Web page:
But the system can also induce electoral denial and a false sense of security, something that affects Republicans today. For the fact is that since George H. W. Bush’s overwhelming victory in 1988 Republicans have won exactly ONE popular vote majority in the last seven national elections. For those counting, that represents thirty two years, a period just a decade short of the length of Republican domination post-Civil War to Woodrow Wilson’s election in 1912. The electoral college elected Bush 43 in 2000 and Donald Trump in 2016. However, it also gave strong majorities to Bill Clinton in 1992 and 1996, two elections where his popular pluralities were converted to strong wins in the Electoral College. So both parties have benefitted from the political stability induced by the electoral college.

The complacency this has instilled in today’s Republicans should be concerning. Trump’s win in 2016 represented the largest spread between popular and electoral college votes, a development that may measure the growing division in the country between so called blue and red states. It’s much harder to develop and implement national programs and themes that appeal to all parts of America.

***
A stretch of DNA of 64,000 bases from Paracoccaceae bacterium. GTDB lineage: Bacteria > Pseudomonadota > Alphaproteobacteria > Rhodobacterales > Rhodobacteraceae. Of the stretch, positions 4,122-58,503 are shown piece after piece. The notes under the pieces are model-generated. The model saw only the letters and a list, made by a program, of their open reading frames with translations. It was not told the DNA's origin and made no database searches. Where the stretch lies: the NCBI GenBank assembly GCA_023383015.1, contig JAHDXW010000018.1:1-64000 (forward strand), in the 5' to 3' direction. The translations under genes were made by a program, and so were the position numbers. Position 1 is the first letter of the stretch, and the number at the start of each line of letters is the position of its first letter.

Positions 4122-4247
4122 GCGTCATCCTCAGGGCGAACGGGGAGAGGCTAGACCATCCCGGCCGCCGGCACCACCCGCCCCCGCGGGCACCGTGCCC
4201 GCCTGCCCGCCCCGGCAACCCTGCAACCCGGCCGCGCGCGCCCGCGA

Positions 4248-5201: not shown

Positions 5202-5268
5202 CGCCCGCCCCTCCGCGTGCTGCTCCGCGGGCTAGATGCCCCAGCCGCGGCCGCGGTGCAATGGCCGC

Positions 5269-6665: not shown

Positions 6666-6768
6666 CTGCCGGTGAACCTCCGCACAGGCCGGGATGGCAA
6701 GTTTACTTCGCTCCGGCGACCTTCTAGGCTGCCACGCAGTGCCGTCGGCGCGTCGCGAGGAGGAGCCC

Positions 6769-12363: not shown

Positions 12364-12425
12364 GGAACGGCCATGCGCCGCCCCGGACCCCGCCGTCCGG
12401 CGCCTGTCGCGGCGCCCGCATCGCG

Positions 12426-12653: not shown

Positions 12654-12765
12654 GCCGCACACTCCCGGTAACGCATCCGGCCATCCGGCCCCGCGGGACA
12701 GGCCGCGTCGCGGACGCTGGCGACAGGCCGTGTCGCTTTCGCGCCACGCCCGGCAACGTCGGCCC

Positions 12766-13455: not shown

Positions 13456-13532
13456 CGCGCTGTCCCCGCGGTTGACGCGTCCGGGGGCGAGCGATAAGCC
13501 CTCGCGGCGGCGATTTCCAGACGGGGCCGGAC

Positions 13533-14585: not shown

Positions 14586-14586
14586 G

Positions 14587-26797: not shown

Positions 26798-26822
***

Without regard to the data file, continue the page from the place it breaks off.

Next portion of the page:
But it’s hard to find many Republican partisans today who believe it is even possible for Trump to win a popular majority. This is concerning because political parties should be promoting a governing agenda that appeals to all parts of America. It’s also concerning because if this year’s turnout numbers are anywhere near what is being projected, the GOP will not be rescued by the electoral college.

Here are the popular vote totals for the Republican candidates (McCain 2008, Romney 2012 and Trump 2016) in the last three presidential elections: 59 million, 62 million and 63 million, a relatively flat turnout performance. But the